Headline Feb 07, 2015/ ''' [TECHNOLOGY] IN HONOURS '''


With most respectful and caring dedication to all the elderly in the world:

See Ya all on !WOW!  -the World Students Society Computers-Internet-Wireless:
''For  Every Voice''.

Dr Adam Gazzaley of the University of California wondered if playing video games would be more effective in exercising the brains of older people.

And, according to their research published in  Nature, that turns out to be so. 

AGEING  -is a daunting process,  -not least because some of the first things to fail are also the most useful, Such as:
Memory, attention and motor skills.

The idea that some form of regular mental activity   -doing a crossword, for example  -can postpone mental decline is not new.

Now researchers have found another: playing a certain type of video game could help the  elderly  stay sharper for longer.

Video games can be fun whether they serve any useful purpose beyond keeping some young people confined to their bedrooms is questionable.

In 2010 study thousands of volunteers spent six weeks playing video games but showed virtually no improvement in performance of cognitive tasks that were not related to the game when compared with non-players.

The players gaming skill improved, but the prowess did not extend to other cognitive areas.

Age, though, was not a factor in this study; most of the participants were in their late 30s or early 40s. So things might be different for other age groups.

So, Dr Gazzaley and his his team recruited more than 200 volunteers, whose ages spanned seven decades:

To play a video game designed specially to use  multi-tasking skills, which can be particularly testing for older folk.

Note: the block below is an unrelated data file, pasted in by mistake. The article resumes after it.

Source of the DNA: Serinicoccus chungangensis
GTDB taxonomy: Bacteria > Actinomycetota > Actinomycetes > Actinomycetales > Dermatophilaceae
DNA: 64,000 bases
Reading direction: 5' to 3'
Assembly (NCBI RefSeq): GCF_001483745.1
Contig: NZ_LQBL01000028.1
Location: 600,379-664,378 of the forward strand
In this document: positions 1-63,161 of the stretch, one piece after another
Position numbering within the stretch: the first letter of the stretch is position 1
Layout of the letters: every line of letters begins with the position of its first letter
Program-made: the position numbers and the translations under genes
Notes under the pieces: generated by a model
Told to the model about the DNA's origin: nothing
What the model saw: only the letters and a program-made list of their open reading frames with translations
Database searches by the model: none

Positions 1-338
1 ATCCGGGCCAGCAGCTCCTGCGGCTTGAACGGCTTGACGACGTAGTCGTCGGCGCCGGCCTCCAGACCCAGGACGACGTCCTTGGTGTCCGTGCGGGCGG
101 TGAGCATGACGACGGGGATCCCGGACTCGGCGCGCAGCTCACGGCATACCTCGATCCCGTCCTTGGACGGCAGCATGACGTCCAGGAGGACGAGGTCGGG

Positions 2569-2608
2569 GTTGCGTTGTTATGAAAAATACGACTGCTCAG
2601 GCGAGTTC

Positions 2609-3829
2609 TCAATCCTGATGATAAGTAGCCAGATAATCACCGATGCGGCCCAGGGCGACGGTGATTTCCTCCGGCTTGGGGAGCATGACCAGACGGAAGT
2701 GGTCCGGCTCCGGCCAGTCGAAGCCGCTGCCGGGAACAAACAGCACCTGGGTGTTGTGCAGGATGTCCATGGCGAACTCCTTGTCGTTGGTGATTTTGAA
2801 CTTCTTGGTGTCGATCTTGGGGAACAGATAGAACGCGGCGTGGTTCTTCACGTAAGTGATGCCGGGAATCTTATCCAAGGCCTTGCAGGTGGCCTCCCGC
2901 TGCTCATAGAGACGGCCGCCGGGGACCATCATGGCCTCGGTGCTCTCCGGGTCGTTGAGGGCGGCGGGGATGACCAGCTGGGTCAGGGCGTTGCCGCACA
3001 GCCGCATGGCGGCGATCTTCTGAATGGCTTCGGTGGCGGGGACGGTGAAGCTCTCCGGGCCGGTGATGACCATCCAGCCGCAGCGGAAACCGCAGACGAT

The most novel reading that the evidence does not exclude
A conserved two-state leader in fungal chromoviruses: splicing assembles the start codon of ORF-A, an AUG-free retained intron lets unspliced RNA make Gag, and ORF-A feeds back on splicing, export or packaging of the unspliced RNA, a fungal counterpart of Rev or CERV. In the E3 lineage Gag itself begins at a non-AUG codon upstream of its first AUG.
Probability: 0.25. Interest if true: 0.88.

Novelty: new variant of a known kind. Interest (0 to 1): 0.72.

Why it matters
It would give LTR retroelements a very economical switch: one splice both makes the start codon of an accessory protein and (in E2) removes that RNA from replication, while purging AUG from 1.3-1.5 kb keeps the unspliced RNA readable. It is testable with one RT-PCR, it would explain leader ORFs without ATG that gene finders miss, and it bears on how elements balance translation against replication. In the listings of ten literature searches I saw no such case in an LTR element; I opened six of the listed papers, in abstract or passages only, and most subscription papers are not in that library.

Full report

The participants who had healthy vision and little prior gaming experience, used a hand-held controller to drive a car following a line on a road. 

At the same time they had to pay attention to signs that would appear above the car.

As they played the game, the brain activity of each participant was measured by a cap fitted with electrodes.

The first set of experiments, which involved those aged between 20 and 79, found, not surprisingly, that the older participants had to put more mental effort: 

As measured by their brain activity, into their game than younger people.

In other words, they found multi-tasking harder.

In the second set of experiments, a group aged 60 to 85, got to take the video game home and play it in an adaptive mode    -as they got better at the game, the game got harder-

For three hours a week over a month.

And to that, here, I add a great para from some new fiction:

Given this history it is unsurprising  that Mr David Vann is so adept, in ''Goat Mountain'',  at conjuring a world  where  rationality, as is known in the lazy. technology-driven 21st century- has no place,

Here the characters   -an abusive grandfather often referred to simply as a  ''thing'' : ('' a flesh of thing with no thought''),  a weak-willed but violent father, a friend who proves himself no friend-

At least within the rules of this dreadful game -operate by another, more primal logic  

The Honour and Serving of the  ''operational research''  continues. The elderly should consider putting away their knitting. And read up and join in.

With respectful dedication to all the Elderly Leaders of the world. See Ya all on !WOW!  -the World Students Society.

''' Brain Training '''

'''Good Night and God Bless

SAM Daily Times - the Voice of the Voiceless


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